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President's Letter: Healthy Preserves Important to Plants, Animals and People

The Forest Preserves of Cook County benefits our communities, our region and our planet.

Our 70,000 acres protect native flora and fauna while also ensuring people can experience the beauty of northeastern Illinois’ native habitats. Committing to restoring these lands to health achieves both these goals. It also benefits both current residents and future generations to come.

Restored lands provide necessary habitat for a variety of species including migrating and nesting birds, pollinators such as bees and monarch butterflies, and hundreds of plants found here in Cook County. And while healthy preserves provide innumerable benefits to nature, they are equally as important to people.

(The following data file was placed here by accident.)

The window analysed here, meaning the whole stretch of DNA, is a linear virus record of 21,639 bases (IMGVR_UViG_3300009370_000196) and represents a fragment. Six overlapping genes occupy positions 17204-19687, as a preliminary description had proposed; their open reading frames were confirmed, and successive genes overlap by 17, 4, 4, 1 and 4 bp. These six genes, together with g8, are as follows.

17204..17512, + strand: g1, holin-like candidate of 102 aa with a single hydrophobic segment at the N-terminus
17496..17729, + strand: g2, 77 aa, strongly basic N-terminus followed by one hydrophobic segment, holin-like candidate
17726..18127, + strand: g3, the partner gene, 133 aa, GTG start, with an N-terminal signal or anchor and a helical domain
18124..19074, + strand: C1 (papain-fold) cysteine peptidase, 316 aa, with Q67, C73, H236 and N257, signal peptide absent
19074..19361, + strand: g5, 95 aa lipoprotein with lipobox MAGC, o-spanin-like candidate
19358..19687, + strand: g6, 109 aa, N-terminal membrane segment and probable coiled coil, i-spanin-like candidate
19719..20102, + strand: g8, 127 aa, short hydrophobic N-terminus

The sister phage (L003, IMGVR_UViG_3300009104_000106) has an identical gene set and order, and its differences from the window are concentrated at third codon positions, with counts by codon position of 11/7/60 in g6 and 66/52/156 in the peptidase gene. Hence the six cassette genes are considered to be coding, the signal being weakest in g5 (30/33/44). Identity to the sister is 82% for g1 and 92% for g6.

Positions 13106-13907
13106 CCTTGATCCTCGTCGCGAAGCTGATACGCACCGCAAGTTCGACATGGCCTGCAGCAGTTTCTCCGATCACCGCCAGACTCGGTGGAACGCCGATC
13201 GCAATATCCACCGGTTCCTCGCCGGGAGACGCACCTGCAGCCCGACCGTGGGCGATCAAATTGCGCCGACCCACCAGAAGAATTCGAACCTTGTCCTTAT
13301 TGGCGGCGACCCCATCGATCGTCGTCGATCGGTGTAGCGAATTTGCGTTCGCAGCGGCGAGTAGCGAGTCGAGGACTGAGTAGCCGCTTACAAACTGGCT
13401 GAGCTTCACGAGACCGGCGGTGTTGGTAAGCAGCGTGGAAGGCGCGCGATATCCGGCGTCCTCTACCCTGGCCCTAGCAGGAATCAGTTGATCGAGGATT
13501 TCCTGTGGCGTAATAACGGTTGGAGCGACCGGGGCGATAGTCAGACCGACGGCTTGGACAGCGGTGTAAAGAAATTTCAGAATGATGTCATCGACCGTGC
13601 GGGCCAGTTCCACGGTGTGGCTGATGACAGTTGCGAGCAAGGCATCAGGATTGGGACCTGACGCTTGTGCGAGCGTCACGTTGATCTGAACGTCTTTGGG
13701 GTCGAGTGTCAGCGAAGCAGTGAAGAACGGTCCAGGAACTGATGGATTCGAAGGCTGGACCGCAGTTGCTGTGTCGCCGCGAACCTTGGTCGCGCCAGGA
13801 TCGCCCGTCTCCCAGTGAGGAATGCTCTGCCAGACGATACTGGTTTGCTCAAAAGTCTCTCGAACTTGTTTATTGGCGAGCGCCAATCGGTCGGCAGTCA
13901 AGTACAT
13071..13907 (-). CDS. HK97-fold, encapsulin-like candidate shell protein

Healthy and welcoming preserves offer opportunities for exercise, de-stressing, and connecting with the natural world around us—all of which offer physical, mental and emotional benefits. As important, the lands of the Forest Preserves keep people healthy by protecting clean drinking water and filtering out pollutants from the air we breathe.

One of the main tools the Forest Preserves uses to keep our natural lands healthy is prescribed burning. Each spring and fall, burn crews head out to burn savannas, prairies and woodlands that have been identified as ready to benefit from this practice. Check out the article in this issue that takes a deeper look at what the Forest Preserves’ burn crews do, and learn why prescribed fire is such a vital tool.

Spring migration is in full swing this month, and there are plenty of birding opportunities throughout Cook County. Also in this issue is information on upcoming birding events, as well as news about a new bird conservation guide. Check out one of the family-friendly events or programs at a Forest Preserves’ nature center, or head out on a guided bird hike.

We hope to see you in the Preserves!

Toni Preckwinkle, President
Forest Preserves of Cook County